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S11 Pirfenidone Post-authorisation Safety Registry (passport)–interim Analysis Of Ipf Treatment
  1. TM Maher1,
  2. V Cottin2,
  3. M Skoeld3,
  4. S Tomassetti4,
  5. A Azuma5,
  6. C Giot6,
  7. D Yocum6,
  8. S Hamza6,
  9. D Koschel7
  1. 1Interstitial Lung Disease Unit, Royal Brompton Hospital, London, UK
  2. 2Louis Pradel Hospital, Lyon 1 University, Lyon, France
  3. 3Karolinska Institutet, Stockholm, Sweden
  4. 4GB Morgagni Hospital, Forli, Italy
  5. 5Nippon Medical School, Tokyo, Japan
  6. 6InterMune, Inc, Brisbane, United States
  7. 7Fachkrankenhaus Coswig, Coswig, Germany


Introduction Pirfenidone (Esbriet®) is approved for mild/moderate idiopathic pulmonary fibrosis (IPF). PASSPORT is a post-authorisation safety registry required by the European Medicine Agency.

Objective To present interim data from PASSPORT.

Method Up to 140 EU sites will enrol 1000 patients. Safety data are recorded at routine clinic visits for 2 years. Adverse drug reactions (ADR: a noxious, unintended drug response at therapeutic doses) and serious ADRs (SADR: ADRs that are life-threatening; cause death, disability, congenital anomaly; require hospitalisation or an intervention to prevent permanent impairment) are collected.

Results Data from 530 patients enrolled by 68 sites in 7 countries are included. Age was 69 ± 8.8 years (mean ± SD); IPF diagnosis duration was 1.8 ± 3.51 years; 81% were men. Median time in study was 5.5 months; total exposure was 284 person-years.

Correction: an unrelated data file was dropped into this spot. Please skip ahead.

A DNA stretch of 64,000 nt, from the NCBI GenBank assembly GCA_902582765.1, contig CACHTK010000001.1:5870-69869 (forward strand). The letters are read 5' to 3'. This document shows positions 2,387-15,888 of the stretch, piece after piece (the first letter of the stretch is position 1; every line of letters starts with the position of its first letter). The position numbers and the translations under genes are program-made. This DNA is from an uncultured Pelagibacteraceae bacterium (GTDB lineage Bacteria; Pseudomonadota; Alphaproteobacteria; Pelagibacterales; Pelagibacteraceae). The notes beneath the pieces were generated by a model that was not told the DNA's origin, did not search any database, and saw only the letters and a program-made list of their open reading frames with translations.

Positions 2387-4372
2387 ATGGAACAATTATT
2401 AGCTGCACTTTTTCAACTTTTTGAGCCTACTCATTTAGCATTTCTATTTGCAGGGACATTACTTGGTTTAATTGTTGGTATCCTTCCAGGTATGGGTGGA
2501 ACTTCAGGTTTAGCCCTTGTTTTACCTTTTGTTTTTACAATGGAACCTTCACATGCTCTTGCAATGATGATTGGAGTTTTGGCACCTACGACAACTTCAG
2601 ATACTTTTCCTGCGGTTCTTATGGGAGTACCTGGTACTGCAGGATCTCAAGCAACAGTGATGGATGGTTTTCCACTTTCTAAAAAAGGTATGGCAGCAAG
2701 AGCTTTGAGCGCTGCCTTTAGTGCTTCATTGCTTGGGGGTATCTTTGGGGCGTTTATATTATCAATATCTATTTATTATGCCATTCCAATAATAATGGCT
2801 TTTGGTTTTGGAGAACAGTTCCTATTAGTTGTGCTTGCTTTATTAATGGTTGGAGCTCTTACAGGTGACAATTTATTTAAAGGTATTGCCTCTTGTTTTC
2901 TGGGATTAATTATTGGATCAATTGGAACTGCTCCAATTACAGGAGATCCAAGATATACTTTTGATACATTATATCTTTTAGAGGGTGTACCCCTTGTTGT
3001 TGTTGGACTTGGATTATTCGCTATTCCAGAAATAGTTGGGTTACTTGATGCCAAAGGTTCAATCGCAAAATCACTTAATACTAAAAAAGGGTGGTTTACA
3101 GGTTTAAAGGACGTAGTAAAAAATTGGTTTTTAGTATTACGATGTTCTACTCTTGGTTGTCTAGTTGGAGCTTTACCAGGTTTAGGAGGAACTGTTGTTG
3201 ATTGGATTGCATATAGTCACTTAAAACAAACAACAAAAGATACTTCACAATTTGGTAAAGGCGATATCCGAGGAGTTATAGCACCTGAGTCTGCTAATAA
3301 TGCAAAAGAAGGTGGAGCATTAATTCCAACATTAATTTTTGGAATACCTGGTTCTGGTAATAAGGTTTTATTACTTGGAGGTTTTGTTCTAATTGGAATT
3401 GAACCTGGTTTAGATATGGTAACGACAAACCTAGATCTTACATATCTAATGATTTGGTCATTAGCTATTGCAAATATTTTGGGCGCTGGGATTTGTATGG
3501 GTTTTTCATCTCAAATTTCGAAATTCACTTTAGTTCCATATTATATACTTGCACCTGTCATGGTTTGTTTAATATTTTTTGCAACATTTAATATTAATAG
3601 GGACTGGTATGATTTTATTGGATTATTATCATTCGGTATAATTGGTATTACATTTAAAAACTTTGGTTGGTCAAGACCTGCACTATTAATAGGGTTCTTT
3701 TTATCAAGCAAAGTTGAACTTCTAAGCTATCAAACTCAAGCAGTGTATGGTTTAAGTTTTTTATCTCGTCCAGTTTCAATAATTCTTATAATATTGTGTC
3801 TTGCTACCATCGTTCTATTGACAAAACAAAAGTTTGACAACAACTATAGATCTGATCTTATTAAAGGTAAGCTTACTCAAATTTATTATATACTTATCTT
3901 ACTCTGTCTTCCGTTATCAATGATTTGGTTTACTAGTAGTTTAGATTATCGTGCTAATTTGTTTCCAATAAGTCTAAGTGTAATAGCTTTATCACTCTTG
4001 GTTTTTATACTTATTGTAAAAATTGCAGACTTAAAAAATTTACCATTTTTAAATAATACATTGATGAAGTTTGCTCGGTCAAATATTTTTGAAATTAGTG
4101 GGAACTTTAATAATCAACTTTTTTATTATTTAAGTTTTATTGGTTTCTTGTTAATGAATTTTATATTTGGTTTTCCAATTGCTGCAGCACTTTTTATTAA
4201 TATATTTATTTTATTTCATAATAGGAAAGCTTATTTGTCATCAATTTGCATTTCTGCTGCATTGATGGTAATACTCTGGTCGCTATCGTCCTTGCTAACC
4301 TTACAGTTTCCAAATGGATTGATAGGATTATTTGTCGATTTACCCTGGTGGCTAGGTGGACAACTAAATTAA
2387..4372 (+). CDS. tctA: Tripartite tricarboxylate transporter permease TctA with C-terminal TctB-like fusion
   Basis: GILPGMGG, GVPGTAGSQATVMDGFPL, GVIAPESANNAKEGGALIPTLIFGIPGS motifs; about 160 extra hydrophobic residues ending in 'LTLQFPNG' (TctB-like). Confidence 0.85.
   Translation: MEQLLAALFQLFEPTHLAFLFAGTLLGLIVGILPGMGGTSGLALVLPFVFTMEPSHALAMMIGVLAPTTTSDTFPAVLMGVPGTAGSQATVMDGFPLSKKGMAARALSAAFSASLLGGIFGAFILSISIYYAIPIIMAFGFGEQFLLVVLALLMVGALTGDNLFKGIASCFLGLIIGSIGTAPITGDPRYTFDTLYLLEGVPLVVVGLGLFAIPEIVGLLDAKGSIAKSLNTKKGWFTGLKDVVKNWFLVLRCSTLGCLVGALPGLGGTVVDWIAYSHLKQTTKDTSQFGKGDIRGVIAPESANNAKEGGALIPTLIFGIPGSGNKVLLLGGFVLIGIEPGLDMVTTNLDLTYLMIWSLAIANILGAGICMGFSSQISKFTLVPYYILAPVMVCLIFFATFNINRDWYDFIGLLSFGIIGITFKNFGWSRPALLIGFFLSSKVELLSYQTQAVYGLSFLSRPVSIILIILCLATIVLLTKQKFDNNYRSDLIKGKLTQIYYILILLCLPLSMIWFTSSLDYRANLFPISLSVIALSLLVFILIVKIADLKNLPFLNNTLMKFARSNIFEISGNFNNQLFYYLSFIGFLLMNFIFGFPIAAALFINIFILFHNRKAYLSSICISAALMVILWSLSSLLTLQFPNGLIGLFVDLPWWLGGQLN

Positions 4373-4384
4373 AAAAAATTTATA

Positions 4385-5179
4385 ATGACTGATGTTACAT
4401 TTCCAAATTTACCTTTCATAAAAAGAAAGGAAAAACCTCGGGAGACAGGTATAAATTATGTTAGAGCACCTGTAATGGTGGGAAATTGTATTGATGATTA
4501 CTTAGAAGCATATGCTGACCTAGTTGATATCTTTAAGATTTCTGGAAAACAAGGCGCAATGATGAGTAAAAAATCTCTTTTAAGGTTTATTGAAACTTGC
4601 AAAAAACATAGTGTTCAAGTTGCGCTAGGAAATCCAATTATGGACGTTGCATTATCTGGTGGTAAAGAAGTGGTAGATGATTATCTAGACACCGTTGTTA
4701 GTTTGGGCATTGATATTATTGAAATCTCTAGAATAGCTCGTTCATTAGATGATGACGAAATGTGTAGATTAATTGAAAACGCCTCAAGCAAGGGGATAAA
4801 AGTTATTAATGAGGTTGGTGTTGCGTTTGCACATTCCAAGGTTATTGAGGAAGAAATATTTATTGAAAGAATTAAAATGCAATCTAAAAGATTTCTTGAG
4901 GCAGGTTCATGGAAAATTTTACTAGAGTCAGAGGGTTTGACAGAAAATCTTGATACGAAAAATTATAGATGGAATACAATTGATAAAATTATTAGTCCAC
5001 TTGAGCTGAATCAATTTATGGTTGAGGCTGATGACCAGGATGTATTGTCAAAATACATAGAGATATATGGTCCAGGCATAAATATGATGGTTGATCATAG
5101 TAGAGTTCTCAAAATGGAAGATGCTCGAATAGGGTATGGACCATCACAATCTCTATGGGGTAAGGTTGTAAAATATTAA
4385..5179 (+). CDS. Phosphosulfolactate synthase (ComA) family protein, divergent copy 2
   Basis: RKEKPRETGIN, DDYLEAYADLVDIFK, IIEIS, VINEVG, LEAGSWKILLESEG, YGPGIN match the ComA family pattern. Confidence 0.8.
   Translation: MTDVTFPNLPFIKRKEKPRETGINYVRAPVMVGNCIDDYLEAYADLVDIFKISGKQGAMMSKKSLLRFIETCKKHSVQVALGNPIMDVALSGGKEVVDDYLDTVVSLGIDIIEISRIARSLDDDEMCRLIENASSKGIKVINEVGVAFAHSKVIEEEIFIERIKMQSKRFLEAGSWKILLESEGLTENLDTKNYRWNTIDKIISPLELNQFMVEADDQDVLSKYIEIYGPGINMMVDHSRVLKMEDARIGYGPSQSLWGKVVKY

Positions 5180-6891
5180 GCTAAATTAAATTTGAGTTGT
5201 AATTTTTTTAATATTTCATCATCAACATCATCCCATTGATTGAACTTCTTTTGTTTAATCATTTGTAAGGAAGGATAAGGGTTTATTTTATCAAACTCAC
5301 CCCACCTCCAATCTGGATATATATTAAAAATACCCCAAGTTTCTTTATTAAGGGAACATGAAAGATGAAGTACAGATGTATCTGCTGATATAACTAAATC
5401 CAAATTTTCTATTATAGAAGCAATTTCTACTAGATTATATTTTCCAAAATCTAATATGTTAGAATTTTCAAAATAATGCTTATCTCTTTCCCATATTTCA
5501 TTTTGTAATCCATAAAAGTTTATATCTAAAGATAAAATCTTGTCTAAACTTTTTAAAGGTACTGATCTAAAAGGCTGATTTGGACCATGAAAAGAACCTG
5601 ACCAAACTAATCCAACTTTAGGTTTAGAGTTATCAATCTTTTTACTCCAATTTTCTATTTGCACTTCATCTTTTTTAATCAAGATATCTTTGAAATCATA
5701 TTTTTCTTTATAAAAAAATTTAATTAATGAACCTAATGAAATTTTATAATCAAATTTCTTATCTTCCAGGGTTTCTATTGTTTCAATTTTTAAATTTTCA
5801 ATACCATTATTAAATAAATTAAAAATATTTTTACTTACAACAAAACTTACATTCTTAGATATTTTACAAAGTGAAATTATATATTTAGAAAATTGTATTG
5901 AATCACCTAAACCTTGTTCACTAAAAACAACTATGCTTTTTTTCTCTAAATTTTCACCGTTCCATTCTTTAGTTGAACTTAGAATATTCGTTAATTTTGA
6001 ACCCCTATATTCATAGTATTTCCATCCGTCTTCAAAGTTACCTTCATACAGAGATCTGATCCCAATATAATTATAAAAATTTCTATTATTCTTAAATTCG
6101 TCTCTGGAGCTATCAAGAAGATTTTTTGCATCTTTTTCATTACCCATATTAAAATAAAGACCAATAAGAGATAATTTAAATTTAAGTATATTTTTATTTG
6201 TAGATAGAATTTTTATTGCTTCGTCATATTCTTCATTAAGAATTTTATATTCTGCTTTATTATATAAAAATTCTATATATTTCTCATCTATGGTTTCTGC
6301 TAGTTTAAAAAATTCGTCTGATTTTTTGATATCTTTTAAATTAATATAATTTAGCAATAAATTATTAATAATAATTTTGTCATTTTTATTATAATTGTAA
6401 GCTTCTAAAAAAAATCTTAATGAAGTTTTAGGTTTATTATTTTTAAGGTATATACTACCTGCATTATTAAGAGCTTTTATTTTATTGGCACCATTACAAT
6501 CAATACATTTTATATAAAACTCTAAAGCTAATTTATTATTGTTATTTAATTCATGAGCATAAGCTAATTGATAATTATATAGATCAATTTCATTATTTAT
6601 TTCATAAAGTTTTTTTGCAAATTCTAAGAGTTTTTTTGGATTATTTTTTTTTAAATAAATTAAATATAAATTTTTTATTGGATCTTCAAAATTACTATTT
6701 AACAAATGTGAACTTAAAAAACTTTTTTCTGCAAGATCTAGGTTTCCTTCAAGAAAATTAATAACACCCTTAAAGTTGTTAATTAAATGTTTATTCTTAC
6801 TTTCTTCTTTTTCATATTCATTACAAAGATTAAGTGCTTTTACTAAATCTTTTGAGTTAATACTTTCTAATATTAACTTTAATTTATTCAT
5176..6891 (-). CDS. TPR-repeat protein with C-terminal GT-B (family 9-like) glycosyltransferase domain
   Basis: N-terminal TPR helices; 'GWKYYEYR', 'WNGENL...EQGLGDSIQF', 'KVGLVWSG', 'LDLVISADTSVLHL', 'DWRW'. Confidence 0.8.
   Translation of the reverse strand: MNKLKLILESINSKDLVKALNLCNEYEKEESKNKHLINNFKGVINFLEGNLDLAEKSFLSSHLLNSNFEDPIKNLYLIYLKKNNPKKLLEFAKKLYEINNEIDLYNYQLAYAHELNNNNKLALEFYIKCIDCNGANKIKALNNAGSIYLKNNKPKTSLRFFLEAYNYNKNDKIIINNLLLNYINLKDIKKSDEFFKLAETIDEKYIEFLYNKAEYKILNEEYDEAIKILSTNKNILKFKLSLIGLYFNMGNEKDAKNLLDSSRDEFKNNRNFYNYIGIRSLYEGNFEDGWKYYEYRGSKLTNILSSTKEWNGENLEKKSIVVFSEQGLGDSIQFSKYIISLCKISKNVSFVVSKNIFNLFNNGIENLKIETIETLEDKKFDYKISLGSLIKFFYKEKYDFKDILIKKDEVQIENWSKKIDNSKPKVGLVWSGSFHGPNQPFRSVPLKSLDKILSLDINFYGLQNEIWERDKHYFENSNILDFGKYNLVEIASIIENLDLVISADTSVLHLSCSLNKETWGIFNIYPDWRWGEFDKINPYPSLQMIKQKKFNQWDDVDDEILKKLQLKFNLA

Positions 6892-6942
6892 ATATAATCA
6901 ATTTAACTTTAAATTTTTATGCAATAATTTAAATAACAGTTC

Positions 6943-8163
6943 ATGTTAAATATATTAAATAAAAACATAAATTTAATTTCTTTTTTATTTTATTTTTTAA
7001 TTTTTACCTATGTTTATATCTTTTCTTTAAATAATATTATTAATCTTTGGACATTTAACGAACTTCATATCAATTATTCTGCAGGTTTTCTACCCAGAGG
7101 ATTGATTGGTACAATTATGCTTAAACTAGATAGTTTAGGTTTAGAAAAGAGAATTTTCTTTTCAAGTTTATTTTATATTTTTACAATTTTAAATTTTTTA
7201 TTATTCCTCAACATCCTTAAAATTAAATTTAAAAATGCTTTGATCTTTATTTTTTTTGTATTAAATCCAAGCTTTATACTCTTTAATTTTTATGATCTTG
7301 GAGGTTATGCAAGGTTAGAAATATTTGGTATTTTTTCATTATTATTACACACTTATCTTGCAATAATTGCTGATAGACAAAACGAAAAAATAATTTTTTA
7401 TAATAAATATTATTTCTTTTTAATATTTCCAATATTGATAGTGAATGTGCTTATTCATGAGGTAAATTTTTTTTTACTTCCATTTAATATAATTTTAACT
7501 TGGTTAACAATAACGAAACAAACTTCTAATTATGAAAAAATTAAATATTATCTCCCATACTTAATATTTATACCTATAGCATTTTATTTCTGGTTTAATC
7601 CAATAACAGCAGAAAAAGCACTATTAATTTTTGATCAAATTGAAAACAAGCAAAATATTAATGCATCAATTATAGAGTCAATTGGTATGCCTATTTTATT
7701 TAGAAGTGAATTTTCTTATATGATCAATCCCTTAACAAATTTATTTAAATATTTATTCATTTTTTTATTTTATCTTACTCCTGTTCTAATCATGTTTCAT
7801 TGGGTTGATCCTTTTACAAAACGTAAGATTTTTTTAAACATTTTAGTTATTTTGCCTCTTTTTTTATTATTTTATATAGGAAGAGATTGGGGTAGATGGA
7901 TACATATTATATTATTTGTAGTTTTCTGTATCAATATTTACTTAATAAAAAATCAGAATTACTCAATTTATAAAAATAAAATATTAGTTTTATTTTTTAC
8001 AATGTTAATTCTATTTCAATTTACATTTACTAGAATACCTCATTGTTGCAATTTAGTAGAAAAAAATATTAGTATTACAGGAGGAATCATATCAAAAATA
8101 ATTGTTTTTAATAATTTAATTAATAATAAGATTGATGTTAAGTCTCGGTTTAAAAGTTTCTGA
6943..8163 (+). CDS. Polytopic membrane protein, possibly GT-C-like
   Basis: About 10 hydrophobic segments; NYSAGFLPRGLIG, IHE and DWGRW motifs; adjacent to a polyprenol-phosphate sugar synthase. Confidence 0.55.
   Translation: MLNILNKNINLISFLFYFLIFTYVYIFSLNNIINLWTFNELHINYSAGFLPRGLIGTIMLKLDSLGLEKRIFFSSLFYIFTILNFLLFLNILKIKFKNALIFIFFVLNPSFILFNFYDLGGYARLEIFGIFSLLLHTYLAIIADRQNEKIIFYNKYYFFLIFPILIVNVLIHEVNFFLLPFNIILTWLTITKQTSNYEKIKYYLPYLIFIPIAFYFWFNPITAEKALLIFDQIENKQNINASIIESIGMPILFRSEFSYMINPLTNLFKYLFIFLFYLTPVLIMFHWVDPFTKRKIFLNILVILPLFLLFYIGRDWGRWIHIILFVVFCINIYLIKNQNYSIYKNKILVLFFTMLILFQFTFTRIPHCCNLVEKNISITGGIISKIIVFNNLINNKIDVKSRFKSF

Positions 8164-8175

Abstract S11 Table 1

Of 311 patients with ADRs, 85 discontinued due to ADR and 41 discontinued for other reasons. Approximately 1/3 of patients with ADRs had their dose adjusted.

For patients who experienced an ADR:

  1. 55% of patients without a dose adjustment were able to continue treatment, while 69% of those with a dose adjustment were able to continue treatment.

  2. 20% discontinued due to the ADR after having a dose adjustment, but 31% discontinued due to the ADR without a dose adjustment.

When ADRs were managed by dose adjustment, dose adjustment was associated with continuing treatment.

Conclusion PASSPORT ADRs are comparable to those in clinical trials of pirfenidone in IPF. No new safety issues emerged. Dose adjustment may influence long-term tolerability of pirfenidone.

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